Review: Bandstand on Broadway2 min read

Bandstand: Big Bang Swing

5020Bandstand: Big Bang Swing

By Ross
There is no way that this show is going to let you not pay it your full attention. This loud and fun musical, reminiscent of the old MGM ‘lets-put-on-a-show’ musicals that it references to throughout, starts out with an intense crack and never lets up, volume wise. Which is, in a way, it’s fun and it’s flaw. There is a lovely story in here about a man who survives a war, returns home to find that things can’t just return to what it once was, and that he is not the same young man either. His love of big band swing music hasn’t disappeared. His devotion to his best buddy who died by his side in that same war that he survived still sits strong and sure within his sense of duty, and his commitment to his word will end up being his savior from the weight many of the returning soldiers carry on their backs day after day. There is great music, spectacular singing, a healthy lively pulse, and athletic creative dancing, courtesy of director/choreographer, Andy Blankenbuehler (Hamilton). The only problem in this show is that the creators barely gives the piece a moment to catch its breath, constantly driving forward without a pause. It throws everything at us with a full force, energetic music along with anguish and post WW2 pain. All served at the same loud driving speed.  It’s like they don’t trust us to stay tuned in unless they are always feeding us something powerful.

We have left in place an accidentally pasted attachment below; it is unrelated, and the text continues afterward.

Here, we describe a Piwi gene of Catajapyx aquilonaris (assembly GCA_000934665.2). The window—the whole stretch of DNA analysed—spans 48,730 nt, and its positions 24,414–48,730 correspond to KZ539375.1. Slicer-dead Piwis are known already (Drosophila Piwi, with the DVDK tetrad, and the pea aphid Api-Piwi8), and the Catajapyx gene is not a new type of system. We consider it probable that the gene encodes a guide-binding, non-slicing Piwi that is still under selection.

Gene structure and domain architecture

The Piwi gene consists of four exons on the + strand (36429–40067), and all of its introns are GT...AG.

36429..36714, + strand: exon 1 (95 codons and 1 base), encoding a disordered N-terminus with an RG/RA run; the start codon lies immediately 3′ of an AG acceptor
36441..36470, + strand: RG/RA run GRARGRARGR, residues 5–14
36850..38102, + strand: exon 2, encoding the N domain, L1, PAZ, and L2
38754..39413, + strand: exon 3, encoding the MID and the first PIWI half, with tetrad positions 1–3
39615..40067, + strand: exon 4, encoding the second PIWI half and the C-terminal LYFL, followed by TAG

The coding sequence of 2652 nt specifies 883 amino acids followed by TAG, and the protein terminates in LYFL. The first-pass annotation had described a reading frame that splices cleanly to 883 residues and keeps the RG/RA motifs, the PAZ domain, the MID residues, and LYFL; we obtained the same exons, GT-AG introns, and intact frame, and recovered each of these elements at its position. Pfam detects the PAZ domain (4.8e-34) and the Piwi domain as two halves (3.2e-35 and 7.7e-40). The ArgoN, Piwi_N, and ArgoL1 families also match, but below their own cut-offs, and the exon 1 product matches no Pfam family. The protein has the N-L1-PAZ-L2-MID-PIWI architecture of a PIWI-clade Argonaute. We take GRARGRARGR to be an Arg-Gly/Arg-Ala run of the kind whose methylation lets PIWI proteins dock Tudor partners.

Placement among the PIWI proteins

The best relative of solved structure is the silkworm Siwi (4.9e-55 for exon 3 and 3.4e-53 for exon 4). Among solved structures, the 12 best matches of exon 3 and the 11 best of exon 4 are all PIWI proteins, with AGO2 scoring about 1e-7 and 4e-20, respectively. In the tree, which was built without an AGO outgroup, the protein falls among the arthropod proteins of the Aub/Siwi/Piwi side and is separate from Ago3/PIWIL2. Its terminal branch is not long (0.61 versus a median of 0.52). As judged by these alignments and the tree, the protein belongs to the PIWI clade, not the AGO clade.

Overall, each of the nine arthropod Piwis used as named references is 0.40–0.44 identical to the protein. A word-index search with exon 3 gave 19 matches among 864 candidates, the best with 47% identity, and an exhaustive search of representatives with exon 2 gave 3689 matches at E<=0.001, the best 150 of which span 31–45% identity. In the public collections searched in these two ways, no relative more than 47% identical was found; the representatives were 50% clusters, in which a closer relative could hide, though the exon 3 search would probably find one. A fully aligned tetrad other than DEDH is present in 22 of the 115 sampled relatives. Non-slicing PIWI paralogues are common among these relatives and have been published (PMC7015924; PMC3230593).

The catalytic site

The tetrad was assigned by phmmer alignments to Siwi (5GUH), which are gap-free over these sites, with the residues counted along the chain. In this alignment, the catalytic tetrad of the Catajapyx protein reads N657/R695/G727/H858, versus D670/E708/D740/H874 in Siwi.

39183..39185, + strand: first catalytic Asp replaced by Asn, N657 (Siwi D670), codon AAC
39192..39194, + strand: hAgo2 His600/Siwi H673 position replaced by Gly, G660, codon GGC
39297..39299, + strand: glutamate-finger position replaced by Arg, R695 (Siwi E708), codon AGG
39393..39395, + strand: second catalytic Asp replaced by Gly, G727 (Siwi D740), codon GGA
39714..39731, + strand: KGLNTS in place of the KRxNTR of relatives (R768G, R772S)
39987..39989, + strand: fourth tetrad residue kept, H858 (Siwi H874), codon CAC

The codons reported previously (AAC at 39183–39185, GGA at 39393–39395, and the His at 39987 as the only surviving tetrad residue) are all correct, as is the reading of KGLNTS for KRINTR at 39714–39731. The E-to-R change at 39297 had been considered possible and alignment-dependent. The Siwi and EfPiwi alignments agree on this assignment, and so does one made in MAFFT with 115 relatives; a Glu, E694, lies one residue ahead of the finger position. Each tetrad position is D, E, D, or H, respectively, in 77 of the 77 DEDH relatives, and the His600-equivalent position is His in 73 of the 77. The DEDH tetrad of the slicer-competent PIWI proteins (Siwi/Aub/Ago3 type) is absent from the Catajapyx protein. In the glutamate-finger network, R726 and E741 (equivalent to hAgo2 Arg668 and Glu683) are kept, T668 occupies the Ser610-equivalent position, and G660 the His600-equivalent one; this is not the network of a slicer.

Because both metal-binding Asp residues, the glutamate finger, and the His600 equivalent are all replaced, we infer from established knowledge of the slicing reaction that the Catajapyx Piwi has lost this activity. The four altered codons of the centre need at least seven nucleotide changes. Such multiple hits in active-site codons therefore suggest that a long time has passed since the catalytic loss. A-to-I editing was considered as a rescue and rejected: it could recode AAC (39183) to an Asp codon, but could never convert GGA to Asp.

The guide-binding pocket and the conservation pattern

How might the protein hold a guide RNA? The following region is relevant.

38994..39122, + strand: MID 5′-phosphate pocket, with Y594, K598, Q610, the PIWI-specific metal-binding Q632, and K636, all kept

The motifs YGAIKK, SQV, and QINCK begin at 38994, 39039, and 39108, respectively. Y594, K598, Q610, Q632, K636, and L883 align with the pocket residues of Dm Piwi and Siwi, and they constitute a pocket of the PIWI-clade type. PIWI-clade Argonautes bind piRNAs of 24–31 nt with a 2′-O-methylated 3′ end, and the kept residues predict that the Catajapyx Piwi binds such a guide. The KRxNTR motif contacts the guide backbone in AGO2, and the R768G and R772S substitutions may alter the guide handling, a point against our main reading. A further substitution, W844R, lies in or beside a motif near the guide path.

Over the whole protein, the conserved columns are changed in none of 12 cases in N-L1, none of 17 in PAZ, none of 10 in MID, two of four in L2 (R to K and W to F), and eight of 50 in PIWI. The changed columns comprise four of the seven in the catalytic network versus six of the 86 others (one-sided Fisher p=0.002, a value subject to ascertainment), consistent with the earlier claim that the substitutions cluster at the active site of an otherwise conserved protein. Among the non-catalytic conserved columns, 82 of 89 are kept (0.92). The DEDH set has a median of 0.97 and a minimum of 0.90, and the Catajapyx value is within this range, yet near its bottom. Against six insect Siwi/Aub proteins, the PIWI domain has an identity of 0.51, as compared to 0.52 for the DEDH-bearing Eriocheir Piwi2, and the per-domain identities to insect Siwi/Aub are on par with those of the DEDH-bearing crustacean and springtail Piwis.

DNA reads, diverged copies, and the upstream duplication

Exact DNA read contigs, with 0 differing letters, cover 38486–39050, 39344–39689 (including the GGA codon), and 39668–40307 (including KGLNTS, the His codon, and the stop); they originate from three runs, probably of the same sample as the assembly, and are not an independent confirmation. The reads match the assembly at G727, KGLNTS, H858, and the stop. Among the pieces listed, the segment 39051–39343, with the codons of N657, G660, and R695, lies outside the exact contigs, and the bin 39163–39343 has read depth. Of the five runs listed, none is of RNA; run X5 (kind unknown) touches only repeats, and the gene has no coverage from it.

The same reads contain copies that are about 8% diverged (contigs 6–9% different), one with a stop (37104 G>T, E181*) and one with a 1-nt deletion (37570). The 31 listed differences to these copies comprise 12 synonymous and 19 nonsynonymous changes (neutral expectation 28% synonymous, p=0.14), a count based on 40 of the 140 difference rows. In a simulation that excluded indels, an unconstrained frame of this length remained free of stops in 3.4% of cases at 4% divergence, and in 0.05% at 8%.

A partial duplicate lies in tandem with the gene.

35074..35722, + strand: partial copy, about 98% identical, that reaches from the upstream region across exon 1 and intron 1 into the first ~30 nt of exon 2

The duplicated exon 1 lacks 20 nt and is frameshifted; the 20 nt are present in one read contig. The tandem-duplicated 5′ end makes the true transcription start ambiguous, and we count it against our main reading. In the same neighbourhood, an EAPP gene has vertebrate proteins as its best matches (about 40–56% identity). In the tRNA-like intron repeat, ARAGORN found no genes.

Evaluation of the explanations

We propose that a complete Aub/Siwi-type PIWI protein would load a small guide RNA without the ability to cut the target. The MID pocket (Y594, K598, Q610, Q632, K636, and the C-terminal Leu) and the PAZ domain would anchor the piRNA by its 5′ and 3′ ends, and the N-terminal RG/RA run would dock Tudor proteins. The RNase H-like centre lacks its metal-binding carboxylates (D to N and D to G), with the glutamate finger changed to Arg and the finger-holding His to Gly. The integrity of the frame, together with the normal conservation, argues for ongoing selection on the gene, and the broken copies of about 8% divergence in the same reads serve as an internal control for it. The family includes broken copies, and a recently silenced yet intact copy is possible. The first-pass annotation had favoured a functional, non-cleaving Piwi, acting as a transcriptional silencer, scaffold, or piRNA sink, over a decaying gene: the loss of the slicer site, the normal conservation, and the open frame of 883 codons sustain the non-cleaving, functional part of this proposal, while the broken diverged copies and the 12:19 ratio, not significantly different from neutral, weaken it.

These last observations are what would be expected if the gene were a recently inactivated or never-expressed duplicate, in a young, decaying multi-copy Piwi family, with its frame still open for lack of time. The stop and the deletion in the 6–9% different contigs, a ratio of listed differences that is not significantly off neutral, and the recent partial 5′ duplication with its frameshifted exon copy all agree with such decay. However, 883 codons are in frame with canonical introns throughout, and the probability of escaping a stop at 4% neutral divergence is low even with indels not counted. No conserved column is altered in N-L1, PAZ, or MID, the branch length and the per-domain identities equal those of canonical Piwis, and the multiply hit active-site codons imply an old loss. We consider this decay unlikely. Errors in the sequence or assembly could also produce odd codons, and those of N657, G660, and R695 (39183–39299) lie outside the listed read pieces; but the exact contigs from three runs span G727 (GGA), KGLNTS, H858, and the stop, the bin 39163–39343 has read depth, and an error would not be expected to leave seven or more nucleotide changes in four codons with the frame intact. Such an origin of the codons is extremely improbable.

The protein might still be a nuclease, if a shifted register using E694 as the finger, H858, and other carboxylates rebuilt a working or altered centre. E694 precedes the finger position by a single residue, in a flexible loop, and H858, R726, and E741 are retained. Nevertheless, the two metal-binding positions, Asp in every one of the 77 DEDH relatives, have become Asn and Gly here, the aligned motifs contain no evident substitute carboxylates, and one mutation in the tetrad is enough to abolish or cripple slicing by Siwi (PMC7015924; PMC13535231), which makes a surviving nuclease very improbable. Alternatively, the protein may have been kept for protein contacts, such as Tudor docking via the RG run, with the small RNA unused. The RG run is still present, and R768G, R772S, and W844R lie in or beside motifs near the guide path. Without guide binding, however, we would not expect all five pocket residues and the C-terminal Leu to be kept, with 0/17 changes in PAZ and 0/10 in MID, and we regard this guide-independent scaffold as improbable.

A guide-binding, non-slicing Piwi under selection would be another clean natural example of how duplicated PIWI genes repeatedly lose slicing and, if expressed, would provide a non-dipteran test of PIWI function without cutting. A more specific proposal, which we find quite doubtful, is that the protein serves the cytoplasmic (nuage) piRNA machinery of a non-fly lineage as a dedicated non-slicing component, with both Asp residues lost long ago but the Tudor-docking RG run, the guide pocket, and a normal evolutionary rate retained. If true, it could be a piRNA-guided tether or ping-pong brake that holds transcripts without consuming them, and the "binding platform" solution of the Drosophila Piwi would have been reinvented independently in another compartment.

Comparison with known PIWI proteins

5024
The first five minutes of Bandstand bombard us with details and drama from World War II and the soldier’s return. It’s visually and emotionally overwhelming, throwing so much at us; almost too much to take in. Only later, when there is a pause, when the handsome and incredibly talented, Corey Cott (Newsies, Gigi) is allowed to be still just for a moment, just him and the piano, are we allowed to engage. Cott, as the leader of the soon-to-be-assembled band, sings a smart and catchy song, titled the same as his character, “Danny Novitski“.  We finally are able to connect, settle down into our seats, and take a breath after what was just thrown at us. (for the full review: click here)
5018
 Posted on April 30, 2017
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